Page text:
It’s Totally Clients’ Fault If You Get Dragged Back to the Office Early

While the pandemic rages on, overpaid brains everywhere are wondering what office life will look like when things return to some semblance of normal. And while the accounting profession remains divided over whether working from home is the greatest thing ever or an advanced form of torture, it’s looking more and more like firms will embrace the status quo rather than go all-in on this WFH thing once the cooties are gone.

So says this Journal of Accountancy article aptly titled “Companies rethink the office, but they’re not ready to say goodbye”:

About 77% of respondents to the third-quarter AICPA Business and Industry Economic Outlook Survey said they planned to keep their office square footage. Only about 18% planned a reduction, despite the potential savings.

We’re then reminded that real estate is usually long-term—office leases aren’t like Tinder dates you burn through and never think of again:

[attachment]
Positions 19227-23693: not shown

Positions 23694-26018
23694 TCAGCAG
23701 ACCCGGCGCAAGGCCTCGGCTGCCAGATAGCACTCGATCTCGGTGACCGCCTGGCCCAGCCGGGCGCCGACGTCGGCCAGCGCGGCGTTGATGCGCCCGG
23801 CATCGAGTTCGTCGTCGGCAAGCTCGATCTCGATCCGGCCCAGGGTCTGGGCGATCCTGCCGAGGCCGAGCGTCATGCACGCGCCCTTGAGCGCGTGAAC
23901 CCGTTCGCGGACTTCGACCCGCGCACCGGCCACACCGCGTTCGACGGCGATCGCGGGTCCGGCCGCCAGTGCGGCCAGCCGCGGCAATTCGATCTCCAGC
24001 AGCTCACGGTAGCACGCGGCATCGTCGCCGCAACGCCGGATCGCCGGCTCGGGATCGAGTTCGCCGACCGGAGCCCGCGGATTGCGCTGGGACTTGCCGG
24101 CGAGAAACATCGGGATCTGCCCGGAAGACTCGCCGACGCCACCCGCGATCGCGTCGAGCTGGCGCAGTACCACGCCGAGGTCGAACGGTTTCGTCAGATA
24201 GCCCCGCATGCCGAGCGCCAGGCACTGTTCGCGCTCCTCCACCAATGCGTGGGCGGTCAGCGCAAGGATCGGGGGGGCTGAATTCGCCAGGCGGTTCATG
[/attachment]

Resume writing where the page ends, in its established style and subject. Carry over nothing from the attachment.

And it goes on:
“What I’m seeing personally, with clients and with ourselves, is that we’re status quo. We’re staying where we are. We certainly aren’t taking on any space, but we aren’t giving any back,” said Rebecca Machinga, CPA, CGMA, practice leader for Withum’s real estate services practice in Princeton, N.J. “Real estate’s not the fastest moving industry. If you’re entering a lease or building out a property, none of that happens in the snap of a finger.”

The most interesting part of the article was a quote from Neil Quinlan, president of a financial services firm in Louisville, KY. His firm leased a massive 61,000-square-foot building in early 2019 and, at the time, was “anti-work-from-home” according to Quinlan. But Rona changes things and they may keep some version of hybrid working in the future. The question, then, was: Do they still need all that space if the workforce will be taking advantage of more liberal work-from-home policies?

As usual, it’s the clients’ fault:

Quinlan briefly considered whether the company should return to its previous, smaller office to capitalize on that change. But the financials didn’t figure, and he wanted to leave plenty of space to receive consumer clients.

“They want to come in. They want to see people. They like that interaction,” he said.

So there you have it. Those of you who have already returned to the office or expect to as soon as those Rona vaccines hit the shelves (the hottest gift of 2020, no doubt), now you know who to blame.

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